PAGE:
The main idea is to train a CNN-based classifier using the positives and negatives, and then deploy the classifier on the candidates. We posit that the CNN can learn defining features from the positive and negative examples, and, with this knowledge, can successfully discriminate the object of interest from other objects in the candidates.
Schematic of the proposed approach. Automatically generated positive and negative examples from different scenes are used to train the CNN. The model is used to classify the candidates on a new scene.
Use case: circular tank detection
To test the idea, we focus on circular tank detection, a problem we have tackled in the past from a purely geometrical standpoint.
We identified twenty WorldView-2 and WorldView-3 collections which contained circular tanks, in the United States, Central and South America, Europe, the Middle East and Asia. For each collection, we generated the orthorectified, atmospherically compensated, panchromatic and pan-sharpened RGB images in UTM projection.
Generation of positives and negatives
The procedure starts with computing the max-tree and the min-tree for the panchromatic image , which are structures that organize the image in connected components ordered with respect to intensity. In the case of the max-tree, bright components are nested within larger, darker components, while in the min-tree, the nesting order is inverse, i.e., dark components are nested within larger, brighter ones. Intuitively, the max-tree and min-tree are suited to selecting connected components which are brighter and darker than their surroundings, respectively.
The attribute space consists of area and compactness. The area range is set to 100-10000 m2 in order to include tanks of all sizes. Compactness is the ratio of the area over the perimeter squared, normalized to unity when the shape is a disk. Intuitively, the closer the compactness of a connected component to unity, the more disk-like it is.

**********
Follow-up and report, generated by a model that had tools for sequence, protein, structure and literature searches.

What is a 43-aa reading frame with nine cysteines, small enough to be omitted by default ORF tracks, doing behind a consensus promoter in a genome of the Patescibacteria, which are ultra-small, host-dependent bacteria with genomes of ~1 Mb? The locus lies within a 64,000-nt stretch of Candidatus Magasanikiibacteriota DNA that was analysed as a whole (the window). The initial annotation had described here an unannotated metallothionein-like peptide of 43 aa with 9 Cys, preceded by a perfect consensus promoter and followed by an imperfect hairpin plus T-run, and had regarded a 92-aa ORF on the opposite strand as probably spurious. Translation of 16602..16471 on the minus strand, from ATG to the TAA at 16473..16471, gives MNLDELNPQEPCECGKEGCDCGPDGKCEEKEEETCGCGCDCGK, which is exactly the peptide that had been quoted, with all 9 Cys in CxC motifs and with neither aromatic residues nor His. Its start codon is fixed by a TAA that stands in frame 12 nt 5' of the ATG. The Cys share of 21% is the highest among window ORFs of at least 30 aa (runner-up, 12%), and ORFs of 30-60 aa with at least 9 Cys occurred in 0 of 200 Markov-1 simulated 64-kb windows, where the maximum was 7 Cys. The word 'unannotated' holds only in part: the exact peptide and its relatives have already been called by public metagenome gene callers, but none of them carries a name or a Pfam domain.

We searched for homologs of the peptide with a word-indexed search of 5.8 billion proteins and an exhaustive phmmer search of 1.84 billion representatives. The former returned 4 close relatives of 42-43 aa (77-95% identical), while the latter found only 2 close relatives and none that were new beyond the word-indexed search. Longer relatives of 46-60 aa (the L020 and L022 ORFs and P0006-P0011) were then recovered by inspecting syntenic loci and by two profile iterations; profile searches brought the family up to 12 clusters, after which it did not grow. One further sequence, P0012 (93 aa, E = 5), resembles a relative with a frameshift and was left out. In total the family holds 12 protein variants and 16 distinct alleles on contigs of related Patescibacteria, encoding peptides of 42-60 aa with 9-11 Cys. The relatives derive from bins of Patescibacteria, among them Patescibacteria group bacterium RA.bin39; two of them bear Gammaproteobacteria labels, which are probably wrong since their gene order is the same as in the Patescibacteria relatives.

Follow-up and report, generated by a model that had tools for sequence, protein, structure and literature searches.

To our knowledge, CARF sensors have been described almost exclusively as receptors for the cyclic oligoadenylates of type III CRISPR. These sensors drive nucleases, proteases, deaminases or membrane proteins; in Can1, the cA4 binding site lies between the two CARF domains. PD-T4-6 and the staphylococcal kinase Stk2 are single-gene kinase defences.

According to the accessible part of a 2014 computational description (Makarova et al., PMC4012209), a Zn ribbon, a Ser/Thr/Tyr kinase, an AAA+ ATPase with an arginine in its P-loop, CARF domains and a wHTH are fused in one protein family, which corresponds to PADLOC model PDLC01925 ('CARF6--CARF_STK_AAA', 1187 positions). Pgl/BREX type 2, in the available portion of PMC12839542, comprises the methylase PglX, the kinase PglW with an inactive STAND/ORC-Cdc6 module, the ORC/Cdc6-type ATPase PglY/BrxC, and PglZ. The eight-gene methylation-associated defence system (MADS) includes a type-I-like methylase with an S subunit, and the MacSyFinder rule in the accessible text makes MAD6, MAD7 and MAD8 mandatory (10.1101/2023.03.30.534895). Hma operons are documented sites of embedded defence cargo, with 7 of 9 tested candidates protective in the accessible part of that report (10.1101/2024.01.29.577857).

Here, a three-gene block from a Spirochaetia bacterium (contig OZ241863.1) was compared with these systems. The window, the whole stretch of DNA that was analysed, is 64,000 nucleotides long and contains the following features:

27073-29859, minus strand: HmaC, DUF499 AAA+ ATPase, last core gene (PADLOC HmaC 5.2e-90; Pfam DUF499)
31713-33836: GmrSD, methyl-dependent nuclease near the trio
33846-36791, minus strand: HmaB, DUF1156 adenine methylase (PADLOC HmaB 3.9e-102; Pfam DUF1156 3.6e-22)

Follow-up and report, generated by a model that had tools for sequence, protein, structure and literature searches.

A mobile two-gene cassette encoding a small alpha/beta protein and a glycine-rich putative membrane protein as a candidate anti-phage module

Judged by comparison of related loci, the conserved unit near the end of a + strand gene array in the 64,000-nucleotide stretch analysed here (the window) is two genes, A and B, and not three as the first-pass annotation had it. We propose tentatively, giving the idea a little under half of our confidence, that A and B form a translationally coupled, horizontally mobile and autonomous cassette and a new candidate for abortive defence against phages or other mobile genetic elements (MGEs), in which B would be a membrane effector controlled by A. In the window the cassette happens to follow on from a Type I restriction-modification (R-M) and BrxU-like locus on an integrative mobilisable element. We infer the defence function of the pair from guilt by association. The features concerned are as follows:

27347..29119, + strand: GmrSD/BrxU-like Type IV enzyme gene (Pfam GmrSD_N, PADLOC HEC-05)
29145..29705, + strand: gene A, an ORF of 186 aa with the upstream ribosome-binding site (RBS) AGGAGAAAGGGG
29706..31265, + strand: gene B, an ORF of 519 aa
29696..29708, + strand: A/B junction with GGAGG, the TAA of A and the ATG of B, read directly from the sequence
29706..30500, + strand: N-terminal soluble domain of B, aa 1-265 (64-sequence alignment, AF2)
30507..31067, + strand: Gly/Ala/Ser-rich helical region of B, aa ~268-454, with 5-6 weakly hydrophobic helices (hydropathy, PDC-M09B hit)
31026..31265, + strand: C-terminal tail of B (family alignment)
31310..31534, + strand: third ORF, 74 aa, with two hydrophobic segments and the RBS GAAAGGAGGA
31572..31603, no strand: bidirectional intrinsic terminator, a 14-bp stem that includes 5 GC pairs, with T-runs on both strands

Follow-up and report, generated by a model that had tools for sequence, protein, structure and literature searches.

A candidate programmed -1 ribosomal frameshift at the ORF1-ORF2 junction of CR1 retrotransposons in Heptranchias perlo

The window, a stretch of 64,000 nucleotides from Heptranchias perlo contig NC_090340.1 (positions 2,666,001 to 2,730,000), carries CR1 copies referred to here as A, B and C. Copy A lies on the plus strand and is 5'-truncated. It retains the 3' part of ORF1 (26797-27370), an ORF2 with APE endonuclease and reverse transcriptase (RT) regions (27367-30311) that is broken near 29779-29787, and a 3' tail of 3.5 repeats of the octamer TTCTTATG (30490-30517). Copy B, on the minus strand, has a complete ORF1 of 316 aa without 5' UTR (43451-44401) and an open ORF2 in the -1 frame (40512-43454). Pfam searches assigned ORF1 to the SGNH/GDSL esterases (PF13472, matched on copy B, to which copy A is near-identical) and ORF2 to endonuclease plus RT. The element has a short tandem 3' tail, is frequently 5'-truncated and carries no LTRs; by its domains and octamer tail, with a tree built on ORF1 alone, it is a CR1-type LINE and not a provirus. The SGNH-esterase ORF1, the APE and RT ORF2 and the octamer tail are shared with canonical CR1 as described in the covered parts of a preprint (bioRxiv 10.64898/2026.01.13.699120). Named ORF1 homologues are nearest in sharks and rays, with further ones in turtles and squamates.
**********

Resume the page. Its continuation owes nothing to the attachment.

For the positives, we selected components with compactness greater than 0.99. This is a very strict threshold, which results in only close-to-perfect disks being included in the positives. For each component, the axis-aligned bounding box was computed and buffered for additional context, and then used to extract the corresponding image chip from the pan-sharpened image. In the manner described here, we obtained 4322 positives, out of which we randomly selected 1250. A small sample is shown below; note that the bottom row consists of false positives such as roundabouts and domes which also satisfy the minimum compactness threshold.
A sample of automatically generated positives. The bottom row consists of false positives like roundabouts and domes.
For the negatives, we selected components with compactness between 0.5 and 0.7, and followed the same procedure as for the positives to get the corresponding chips. Why pick this range? We want to show the classifier a sufficient number of examples that look like tanks but are not. Should lower compactness values be used, the negatives would then mostly consist of very elongated features. The classifier would learn that only very elongated objects are not tanks, and would not be able to distinguish tanks from other relatively compact objects in the candidates. A small sample of automatically generated negatives is shown below.
A sample of automatically generated negatives. The bottom row consists of false negatives.
Note that the bottom row consists of false negatives. Tanks might end up in the negatives due to impurities or shadows which reduce the compactness, or simply because they are nested in a larger component which falls within the compactness range. Since false negatives constitute a minority in the negatives, a simple way to reduce their number is to train the CNN only on a subset of the negatives. Out of the 586000 negatives that were automatically extracted, we randomly selected 3750, i.e., three times the size of the positive examples, for a training set of total size 5000.
In order to assess the impact of the noise present in the automatically generated training set on the classifier accuracy, we manually corrected the false negatives and false positives to obtain a curated training set. We then trained VGG-16 on each set separately to obtain two models, henceforth referred to as model 1 and model 2, respectively.
Some technical details. All the image chips were resized to 150x150. VGG-16 was initialized with ImageNet weights and the soft-max layer was replaced, as ImageNet includes 1000 classes while in our case there are only two, ‘tank’ and ‘other’. We only trained the final convolutional block, the fully connected layers and the soft-max layer, using a learning rate of 0.0001 and an L2 normalization factor of 0.01. The training time for each model was approximately one hour.
Putting everything together